Irish rugby players support positive mental wellbeing in Ireland with the launch of Tackle Your Feelings
21st March 2016
IRUPA's three year, all-island campaign will see players tell their personal stories of dealing with significant life events and how they overcame them
The Irish Rugby Union Players' Association (IRUPA) in partnership with Zurich today launched Tackle Your Feelings, a new mental wellbeing campaign that will see national and international rugby stars come forward to tell their own personal story of the issues they have faced off the pitch. The first player to tell his personal story is Ireland and Leinster front-row Jack McGrath who speaks emotively about how he coped with the death of his brother by suicide in 2010 and his video is hosted on the new website www.tackleyourfeelings.com.
Research conducted by IRUPA demonstrated that although 95% of Irish adults think it's important for them to be proactive in taking care of their mental wellbeing, almost 1 in 4 (22%) are unaware or have low levels of awareness of the ways they deal with stress or life challenges. Additionally, 71% feel that they would be treated differently if they had a mental health issue and other people knew about it. There is still a large proportion of us who do not tackle our feelings on a regular basis. 1 in 2 (53%) Irish adults have gone through a challenging life event and didn't discuss their feelings with anyone.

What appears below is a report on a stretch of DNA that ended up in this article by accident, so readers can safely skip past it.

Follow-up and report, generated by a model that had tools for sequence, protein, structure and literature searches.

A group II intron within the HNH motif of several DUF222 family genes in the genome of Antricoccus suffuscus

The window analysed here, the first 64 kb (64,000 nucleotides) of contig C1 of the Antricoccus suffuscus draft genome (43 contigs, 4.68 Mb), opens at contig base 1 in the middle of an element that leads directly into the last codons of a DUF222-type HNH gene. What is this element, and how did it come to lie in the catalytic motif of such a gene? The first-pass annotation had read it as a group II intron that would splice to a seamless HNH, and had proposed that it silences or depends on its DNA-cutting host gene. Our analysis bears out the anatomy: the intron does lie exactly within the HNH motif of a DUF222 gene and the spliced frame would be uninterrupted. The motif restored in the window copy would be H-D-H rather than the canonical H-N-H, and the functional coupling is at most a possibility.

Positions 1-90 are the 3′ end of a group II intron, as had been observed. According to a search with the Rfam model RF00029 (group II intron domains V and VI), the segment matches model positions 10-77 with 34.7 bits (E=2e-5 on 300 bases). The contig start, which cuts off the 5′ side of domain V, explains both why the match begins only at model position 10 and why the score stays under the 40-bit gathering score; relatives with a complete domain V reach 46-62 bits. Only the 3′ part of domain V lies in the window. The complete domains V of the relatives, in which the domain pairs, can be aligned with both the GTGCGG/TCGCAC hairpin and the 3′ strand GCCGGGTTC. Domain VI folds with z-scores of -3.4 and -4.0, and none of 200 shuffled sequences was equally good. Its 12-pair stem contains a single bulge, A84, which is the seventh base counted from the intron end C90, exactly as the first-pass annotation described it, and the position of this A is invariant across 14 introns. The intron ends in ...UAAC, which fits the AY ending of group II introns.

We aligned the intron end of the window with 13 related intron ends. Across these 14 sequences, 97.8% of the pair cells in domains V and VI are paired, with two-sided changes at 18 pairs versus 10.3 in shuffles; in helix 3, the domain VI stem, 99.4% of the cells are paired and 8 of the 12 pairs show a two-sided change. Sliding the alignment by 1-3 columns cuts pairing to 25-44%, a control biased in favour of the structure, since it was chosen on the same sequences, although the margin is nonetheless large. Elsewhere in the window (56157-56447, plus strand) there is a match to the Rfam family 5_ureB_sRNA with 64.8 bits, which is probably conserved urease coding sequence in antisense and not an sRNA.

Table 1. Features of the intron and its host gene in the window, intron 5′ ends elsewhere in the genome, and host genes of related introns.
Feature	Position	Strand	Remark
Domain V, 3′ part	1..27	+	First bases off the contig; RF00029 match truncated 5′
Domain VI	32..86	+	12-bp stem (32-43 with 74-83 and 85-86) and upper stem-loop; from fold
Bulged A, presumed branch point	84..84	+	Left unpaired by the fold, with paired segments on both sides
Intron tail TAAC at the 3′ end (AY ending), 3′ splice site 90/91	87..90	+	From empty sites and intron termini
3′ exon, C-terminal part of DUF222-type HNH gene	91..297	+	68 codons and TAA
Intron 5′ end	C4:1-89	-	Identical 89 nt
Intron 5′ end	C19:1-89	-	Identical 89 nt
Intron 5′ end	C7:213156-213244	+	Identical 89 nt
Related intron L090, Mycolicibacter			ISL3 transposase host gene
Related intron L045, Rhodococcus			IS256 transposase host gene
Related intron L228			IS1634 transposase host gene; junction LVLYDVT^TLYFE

This is significant because 1 in 4 Irish adults will experience mental illness at some point in our lives. Tackle Your Feelings seeks to emphasise the importance of preventative measures in maintaining good mental wellbeing. By asking people to be honest with themselves about how they are feeling and to take appropriate action, the campaign aims to encourage people to resolve emotional challenges before they escalate into a crisis. The campaign website, www.tackleyourfeelings.com, will host a number of practical resources to help people develop their emotional self-awareness and proactively work on their mental and emotional wellbeing.
Jack speaks of the anger and anxiety he felt and how he kept his feelings bottled up at first, "It was like a gas valve releasing when I started to speak about how I felt. It can be the smallest thing that you say to somebody that can make you feel better. The longer you keep it bottled up, the worse it's going to get. Nobody is going to slag you for feeling a certain way. It's human nature. After what happened to my brother I think it's really important to be open about mental health." Speaking at the launch, Omar Hassanein, CEO, IRUPA said, "Our campaign is intended to be disruptive in challenging people to tackle their feelings on a daily basis. Professional rugby players are seen as strong, robust and are known for how they protect and manage their physical health but rugby, like everything in life, requires both physical and mental strength. We want to show people that vulnerability doesn't need to be considered a weakness. Rugby players need to work on their mental wellbeing just like everybody else. We hope that Ireland's rugby players, through the Tackle Your Feelings campaign, can play a role in encouraging people in Ireland to be more proactive and comfortable in looking after their mental wellbeing given it is such a key component in the health of an individual. I'd ask everyone to visit www.tackleyourfeelings.com to watch Jack McGrath's video. Jack has been so courageous in speaking publicly about his and his family's great loss and I hope that others will take strength from it to tackle their own feelings as a result."